Apple's iTunes carrier billing makes a Beeline for Russia
Apple has expanded its direct card-less carrier billing scheme for iTunes purchases to Russia.
According to a new report by CNBC, the Cupertino-based company has partnered with Beeline, the Russian unit of the Amsterdam-based mobile phone company VimpelCom, to allow the carrier’s subscribers to buy music, apps, books, and other digital goods from the iTunes Store, the App Store, and the iBooks Store, and have their purchases charged to their monthly bill.
No credit card required
Since the purchases are charged directly to customers’ mobile bills, carrier billing bypasses the need for a credit or debit card and therefore offers convenience as well as purchasing power to users who don’t have cards, particularly those in emerging economies.
If you’re a Beeline subscriber, you can opt to use direct carrier billing by choosing to pay by mobile within your iTunes account’s settings, whereupon you’ll be notified thus: “Mobile phone billing is available in Russia for Beeline mobile customers. A verification will be sent to you.”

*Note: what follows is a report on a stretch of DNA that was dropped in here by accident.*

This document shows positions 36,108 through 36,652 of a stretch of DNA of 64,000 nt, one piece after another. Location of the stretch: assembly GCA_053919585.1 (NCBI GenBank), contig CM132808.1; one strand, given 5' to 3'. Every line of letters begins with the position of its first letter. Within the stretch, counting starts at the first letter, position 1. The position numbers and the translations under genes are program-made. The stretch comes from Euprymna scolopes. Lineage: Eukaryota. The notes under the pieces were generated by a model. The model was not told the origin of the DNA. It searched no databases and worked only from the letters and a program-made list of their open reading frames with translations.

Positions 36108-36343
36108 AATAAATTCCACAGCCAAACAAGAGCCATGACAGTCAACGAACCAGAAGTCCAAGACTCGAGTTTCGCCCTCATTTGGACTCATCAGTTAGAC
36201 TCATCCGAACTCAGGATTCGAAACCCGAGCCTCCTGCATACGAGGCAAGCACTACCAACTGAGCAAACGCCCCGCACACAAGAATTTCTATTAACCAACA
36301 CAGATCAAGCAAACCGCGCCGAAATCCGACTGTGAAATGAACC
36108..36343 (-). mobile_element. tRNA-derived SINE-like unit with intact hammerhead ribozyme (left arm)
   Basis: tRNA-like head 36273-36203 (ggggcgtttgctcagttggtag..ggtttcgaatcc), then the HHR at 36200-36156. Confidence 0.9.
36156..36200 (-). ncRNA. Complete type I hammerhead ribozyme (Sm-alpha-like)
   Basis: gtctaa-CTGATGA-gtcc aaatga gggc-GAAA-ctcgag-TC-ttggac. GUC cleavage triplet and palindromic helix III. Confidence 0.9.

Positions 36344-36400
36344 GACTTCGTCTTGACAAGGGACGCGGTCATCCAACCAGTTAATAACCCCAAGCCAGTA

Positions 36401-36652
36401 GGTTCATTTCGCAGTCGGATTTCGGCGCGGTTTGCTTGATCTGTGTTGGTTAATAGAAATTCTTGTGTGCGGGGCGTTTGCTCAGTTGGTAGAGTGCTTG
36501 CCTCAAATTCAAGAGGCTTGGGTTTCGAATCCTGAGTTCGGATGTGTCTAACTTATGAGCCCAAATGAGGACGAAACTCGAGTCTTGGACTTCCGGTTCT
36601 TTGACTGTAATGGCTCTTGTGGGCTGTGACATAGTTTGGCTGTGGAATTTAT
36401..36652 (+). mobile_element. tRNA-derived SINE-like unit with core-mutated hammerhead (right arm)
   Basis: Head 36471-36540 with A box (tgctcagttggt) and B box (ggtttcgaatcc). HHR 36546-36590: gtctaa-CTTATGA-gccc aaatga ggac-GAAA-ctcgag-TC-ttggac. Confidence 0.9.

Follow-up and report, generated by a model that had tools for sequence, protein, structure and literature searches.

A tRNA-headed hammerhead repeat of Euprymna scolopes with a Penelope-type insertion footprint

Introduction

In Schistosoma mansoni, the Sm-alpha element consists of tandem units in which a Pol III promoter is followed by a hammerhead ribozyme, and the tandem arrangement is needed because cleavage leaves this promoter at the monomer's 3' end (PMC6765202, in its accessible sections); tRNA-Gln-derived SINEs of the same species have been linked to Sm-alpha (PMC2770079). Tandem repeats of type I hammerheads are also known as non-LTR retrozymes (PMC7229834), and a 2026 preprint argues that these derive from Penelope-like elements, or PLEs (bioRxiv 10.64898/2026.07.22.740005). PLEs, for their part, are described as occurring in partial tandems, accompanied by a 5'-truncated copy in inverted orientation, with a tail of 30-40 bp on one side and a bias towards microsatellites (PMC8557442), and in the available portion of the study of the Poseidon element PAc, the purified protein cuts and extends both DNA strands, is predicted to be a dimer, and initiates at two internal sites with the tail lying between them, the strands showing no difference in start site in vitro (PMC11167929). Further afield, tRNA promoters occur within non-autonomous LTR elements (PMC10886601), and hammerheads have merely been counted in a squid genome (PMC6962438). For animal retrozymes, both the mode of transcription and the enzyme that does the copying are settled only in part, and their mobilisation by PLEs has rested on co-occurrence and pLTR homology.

The arrival of Apple’s iTunes carrier billing in Russia comes just over a month after the initiative’s initial launch in Germany through Telefónica’s O2. As reported by CNBC, the San Francisco-based billing company Boku is “powering Apple’s service in Germany, Russia and beyond” — with the operative word “beyond” hinting at iTunes carrier billing’s imminent expansion to more countries.
Thanks to declining carrier rates
Apple is just now rolling out carrier billing because it’s only recently that there’s been a considerable reduction in the rates imposed by carriers on transactions.
While fees levied on transactions by credit card companies are usually below 2 percent, carriers have been known to set their share as highly as over 30 percent.
Fortunately, Apple is said to have struck up deals with carriers at rates not exceeding 10 percent.
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